News release - Issued by Beningbrough Hall
Through photography, maps and local memories, visitors can enjoy an insight into the changing fortunes, previous owners and uses of the land in this brand new and temporary display as part of Beningbrough Hall’s 300th anniversary.
A selection of images from the National Trust’s archives and stories shared by local residents and others who have a connection to Beningbrough Hall, Gallery and Garden form part of the display. This gives a remarkable insight into the Hall’s bygone days; a social and historical snapshot in time of the Hall, its working past and its people.
There’s also the rare opportunity to examine reproductions of the estate sale catalogues from 1916 & 1958. The catalogues include photographs of local buildings along with detailed descriptions of the estate and its surrounding land. Alongside these is a selection of photographs captured during the Hall’s refurbishment over different periods of time including development made by the National Trust.
The insight into estate life continues with an equally fascinating collection of maps. Featuring beautiful reproductions of old estate maps and the surrounding villages, visitors can see how the hall and its land have evolved over the years. From great change to sometimes no change at all…..as if time has apparently stood still.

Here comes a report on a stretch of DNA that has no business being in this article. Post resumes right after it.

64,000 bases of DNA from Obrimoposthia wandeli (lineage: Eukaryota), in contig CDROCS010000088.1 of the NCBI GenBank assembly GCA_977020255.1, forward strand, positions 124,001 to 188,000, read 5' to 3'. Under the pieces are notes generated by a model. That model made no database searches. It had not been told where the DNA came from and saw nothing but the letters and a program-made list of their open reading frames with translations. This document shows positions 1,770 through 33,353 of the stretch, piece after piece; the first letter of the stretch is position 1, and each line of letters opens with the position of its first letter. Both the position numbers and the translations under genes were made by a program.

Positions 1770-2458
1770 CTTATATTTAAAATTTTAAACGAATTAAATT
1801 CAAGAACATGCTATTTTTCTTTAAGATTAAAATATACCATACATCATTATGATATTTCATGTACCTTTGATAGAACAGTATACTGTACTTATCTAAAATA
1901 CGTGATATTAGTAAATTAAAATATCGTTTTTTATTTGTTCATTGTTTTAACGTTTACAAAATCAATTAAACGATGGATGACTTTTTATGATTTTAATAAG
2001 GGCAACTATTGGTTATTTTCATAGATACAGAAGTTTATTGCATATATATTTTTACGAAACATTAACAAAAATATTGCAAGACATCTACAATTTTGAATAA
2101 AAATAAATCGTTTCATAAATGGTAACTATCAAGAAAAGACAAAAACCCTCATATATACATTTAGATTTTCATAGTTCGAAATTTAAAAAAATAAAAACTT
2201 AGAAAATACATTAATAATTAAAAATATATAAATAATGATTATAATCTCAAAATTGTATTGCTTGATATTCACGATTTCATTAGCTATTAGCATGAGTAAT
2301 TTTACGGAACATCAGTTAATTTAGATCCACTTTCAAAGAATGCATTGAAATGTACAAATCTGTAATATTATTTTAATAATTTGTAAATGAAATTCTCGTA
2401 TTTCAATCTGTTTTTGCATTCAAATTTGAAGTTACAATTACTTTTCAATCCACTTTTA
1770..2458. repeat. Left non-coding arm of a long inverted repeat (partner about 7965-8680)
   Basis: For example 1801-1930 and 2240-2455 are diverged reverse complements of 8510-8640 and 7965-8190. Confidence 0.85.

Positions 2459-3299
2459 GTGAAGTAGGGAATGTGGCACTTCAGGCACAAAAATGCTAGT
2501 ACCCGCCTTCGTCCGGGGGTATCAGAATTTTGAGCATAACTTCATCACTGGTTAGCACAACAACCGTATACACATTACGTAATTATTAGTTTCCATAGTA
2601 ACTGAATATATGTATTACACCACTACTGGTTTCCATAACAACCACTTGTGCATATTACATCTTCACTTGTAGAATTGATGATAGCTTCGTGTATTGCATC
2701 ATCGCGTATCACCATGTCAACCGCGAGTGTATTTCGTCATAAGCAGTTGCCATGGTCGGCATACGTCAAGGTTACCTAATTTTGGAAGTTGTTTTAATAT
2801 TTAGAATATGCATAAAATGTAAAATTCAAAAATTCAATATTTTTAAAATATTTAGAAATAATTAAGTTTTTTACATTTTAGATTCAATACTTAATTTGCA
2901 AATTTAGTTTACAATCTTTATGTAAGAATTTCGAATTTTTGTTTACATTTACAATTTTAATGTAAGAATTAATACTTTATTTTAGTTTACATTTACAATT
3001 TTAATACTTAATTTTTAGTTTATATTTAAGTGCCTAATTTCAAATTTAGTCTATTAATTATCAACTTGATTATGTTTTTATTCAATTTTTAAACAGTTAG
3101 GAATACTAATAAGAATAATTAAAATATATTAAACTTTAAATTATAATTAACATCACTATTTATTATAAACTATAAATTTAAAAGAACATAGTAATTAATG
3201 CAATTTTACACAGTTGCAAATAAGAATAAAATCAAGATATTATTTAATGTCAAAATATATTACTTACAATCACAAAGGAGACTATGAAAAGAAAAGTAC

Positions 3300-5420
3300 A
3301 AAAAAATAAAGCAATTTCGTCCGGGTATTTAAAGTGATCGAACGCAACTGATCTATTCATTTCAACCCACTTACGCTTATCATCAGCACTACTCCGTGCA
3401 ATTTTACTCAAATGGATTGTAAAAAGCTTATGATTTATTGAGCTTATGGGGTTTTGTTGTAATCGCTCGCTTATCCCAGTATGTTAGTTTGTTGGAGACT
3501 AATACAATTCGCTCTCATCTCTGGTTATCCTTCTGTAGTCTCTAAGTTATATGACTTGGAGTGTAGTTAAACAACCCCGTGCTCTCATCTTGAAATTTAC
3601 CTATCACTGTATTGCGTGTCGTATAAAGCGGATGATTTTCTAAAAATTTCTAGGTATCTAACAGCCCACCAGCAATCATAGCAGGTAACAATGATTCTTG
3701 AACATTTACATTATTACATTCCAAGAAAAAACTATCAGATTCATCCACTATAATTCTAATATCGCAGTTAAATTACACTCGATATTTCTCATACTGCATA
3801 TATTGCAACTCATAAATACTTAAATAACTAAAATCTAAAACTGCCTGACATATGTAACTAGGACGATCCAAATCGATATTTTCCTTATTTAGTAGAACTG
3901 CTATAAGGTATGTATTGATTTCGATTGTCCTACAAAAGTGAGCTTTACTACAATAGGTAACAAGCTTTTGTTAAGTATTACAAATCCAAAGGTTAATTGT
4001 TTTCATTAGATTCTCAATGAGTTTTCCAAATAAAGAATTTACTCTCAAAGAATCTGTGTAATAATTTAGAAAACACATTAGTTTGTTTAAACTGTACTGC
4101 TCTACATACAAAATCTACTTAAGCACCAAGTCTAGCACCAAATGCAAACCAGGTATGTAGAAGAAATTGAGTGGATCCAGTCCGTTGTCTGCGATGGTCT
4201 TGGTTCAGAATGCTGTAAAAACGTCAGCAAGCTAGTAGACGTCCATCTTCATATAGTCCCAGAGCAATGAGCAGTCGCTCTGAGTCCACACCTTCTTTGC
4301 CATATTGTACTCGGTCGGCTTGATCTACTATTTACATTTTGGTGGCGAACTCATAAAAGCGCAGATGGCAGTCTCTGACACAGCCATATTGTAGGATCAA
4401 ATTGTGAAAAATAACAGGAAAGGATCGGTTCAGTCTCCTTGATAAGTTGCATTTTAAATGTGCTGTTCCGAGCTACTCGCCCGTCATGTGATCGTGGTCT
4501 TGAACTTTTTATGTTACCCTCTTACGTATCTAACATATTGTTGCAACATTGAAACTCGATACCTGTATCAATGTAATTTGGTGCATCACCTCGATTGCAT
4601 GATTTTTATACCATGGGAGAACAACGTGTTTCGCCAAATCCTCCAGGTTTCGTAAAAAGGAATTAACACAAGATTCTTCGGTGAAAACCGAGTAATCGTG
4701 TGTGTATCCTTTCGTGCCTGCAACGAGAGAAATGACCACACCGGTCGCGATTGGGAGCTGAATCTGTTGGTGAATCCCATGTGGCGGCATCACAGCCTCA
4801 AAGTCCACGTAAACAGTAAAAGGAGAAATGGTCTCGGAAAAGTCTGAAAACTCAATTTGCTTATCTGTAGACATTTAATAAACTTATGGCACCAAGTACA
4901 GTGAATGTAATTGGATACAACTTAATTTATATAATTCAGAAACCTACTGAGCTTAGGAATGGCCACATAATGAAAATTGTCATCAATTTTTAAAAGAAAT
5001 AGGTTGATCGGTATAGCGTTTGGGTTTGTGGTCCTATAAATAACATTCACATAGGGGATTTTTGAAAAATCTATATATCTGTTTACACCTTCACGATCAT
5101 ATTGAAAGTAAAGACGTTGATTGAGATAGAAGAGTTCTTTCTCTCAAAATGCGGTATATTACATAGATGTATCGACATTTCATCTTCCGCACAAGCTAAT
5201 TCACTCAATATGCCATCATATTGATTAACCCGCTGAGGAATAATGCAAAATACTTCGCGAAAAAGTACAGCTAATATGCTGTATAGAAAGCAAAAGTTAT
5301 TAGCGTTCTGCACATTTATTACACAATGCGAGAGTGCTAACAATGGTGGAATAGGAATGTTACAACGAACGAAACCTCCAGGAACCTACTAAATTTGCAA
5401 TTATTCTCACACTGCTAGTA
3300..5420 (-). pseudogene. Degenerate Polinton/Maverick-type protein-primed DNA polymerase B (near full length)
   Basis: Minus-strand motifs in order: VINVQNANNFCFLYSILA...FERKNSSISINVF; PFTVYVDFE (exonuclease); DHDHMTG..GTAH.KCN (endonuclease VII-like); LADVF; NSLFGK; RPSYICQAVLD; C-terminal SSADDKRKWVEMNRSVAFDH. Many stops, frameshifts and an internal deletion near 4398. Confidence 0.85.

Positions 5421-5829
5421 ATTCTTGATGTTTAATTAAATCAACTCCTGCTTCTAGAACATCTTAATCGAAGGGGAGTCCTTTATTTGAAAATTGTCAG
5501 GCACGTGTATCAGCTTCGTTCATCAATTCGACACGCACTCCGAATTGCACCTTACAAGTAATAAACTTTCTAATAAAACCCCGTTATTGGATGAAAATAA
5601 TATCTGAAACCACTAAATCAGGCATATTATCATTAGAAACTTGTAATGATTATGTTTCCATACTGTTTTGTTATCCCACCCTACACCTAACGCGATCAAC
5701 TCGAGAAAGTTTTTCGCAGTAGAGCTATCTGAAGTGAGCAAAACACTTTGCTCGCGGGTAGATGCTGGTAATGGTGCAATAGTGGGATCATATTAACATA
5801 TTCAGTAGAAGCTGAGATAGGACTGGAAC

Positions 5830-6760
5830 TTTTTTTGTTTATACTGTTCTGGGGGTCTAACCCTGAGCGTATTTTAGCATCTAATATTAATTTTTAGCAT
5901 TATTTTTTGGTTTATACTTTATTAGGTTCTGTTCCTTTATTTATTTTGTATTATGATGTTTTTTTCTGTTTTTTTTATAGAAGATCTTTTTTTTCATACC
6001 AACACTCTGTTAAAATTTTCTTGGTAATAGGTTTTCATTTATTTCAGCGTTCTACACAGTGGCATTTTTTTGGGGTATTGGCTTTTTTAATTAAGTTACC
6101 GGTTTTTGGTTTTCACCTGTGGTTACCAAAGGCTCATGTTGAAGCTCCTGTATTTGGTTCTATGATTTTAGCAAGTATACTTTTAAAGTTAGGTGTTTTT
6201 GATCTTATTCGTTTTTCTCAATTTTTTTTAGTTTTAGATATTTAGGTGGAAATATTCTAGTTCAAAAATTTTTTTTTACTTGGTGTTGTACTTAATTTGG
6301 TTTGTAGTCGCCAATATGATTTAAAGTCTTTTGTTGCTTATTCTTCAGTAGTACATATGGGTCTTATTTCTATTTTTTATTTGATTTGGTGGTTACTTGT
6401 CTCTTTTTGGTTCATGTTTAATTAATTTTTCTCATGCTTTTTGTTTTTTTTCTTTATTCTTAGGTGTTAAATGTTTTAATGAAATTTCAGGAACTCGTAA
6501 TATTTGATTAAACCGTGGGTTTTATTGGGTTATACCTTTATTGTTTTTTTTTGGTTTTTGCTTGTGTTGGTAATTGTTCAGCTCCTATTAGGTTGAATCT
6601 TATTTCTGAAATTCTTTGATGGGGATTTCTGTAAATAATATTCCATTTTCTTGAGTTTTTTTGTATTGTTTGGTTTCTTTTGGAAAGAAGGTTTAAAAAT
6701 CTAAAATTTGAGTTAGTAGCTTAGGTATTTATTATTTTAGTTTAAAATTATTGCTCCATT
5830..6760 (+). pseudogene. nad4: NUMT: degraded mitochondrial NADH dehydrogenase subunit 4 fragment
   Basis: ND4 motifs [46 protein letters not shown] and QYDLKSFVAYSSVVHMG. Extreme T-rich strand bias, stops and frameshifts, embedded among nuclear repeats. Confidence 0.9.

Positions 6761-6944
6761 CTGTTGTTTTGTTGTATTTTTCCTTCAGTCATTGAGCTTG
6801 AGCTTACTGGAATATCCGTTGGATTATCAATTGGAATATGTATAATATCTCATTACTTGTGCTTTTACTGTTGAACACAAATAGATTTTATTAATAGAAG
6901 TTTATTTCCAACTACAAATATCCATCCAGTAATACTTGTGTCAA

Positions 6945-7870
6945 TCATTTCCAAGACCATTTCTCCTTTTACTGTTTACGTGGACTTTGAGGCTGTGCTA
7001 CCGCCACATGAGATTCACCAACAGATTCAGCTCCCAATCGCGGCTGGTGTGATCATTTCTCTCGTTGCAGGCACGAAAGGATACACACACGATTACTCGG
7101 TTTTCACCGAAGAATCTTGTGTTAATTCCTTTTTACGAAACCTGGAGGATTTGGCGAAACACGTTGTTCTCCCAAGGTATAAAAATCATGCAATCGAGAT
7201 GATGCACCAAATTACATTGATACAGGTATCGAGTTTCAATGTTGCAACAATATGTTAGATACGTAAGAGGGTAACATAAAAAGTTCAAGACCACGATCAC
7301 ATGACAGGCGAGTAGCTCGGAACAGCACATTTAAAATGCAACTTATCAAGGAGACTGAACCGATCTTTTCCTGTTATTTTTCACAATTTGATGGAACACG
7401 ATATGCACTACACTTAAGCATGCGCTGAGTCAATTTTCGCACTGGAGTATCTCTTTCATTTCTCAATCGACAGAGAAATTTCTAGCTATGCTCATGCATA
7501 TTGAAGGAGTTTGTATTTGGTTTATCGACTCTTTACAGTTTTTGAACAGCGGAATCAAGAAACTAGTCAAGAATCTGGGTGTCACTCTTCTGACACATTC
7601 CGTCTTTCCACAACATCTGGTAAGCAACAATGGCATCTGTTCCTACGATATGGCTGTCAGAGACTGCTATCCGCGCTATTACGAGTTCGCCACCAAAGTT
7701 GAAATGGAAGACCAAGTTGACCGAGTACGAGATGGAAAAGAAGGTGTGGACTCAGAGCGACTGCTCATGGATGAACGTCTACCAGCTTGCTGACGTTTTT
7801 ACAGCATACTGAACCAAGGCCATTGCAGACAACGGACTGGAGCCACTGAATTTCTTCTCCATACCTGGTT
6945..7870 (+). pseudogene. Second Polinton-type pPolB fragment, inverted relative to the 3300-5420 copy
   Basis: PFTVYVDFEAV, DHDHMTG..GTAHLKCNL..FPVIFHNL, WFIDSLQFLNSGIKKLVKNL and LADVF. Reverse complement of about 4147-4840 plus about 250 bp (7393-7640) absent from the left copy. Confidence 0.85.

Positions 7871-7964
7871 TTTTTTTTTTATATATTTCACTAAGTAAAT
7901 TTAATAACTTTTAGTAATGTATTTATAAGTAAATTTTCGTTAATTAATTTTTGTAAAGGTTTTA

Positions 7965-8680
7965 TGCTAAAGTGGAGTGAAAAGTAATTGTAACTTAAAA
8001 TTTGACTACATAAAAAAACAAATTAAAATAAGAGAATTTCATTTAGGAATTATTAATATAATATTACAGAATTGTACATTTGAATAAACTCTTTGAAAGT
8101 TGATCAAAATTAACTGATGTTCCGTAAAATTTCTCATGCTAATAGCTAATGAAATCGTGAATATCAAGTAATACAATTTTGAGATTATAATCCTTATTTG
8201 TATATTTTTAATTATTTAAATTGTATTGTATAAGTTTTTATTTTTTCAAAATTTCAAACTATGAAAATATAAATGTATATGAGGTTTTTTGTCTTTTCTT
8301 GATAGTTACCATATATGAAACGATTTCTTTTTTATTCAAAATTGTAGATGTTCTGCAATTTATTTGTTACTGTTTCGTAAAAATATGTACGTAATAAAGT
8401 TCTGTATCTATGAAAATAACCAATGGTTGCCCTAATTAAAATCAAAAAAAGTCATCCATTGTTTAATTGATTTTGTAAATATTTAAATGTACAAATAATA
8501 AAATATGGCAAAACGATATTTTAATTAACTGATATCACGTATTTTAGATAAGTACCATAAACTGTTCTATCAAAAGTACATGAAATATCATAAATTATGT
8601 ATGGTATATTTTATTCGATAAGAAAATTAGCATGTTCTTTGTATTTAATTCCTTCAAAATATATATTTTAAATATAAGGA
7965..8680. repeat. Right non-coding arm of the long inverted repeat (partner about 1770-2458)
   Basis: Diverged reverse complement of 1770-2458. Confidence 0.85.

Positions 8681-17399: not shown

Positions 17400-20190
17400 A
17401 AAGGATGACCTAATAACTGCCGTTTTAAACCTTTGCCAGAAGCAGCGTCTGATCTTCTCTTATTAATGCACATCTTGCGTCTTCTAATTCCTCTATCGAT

Caroline Hill, house and collections manager at Beningbrough Hall said “It’s a very special time to be at Beningbrough, as well as the 300th anniversary of the completion of the house, it is also 100 years since the major break up of the estate in 1916. Although we have a limited archive at Beningbrough, these anniversaries have provided a wonderful opportunity to revisit and celebrate some of Beningbrough’s stories and marvel at how Beningbrough has survived such changing fortunes. In Maps and Memories in particular, we have been able to showcases some previously unseen material, which I’m excited to share.”
She went on to say “We have beautifully reproduced auction catalogues for people to browse and large scale facsimiles of some 19th century estate maps. We also have an original 19th century sketch of a proposed scheme for the grounds by the landscape designer W.S Gilpin, which has never been exhibited before. Alongside this is a chance to hear some reminiscences through the ages of those who have lived and worked on the estate and see some archive photographs which give a glimpse into a vanished world. I really hope that this display will also prompt those with a connection to come forward and share their stories to help build our archive for future generations to enjoy.”
Maps and Memories will be showing at Beningbrough Hall, Gallery and Gardens until October 23rd 2016, Tuesdays – Sundays. Normal admission charges apply or free entry to National Trust members. Please note - the room hosting the exhibition is accessed by stairs only. For more information, visit www.nationaltrust.org.uk/beningbrough, Twitter or Facebook or tel: 01904 472027.
Notes to editor:
For more information on Beningbrough Hall, Gallery and Gardens
Built in 1716, Beningbrough Hall is a grand red brick mansion just north of York. Today, the hall is home to the National Portrait Gallery’s collection of 18th century portraits, whilst the garden boasts labyrinth paths, grand borders, hidden woods and a working walled kitchen garden.
About the National Trust:
The National Trust looks after more than 250,000 hectares of countryside, 710 miles of coastline and hundreds of historic places across England, Wales and Northern Ireland. For more information and ideas for great value family days out go to: http://www.nationaltrust.org.uk
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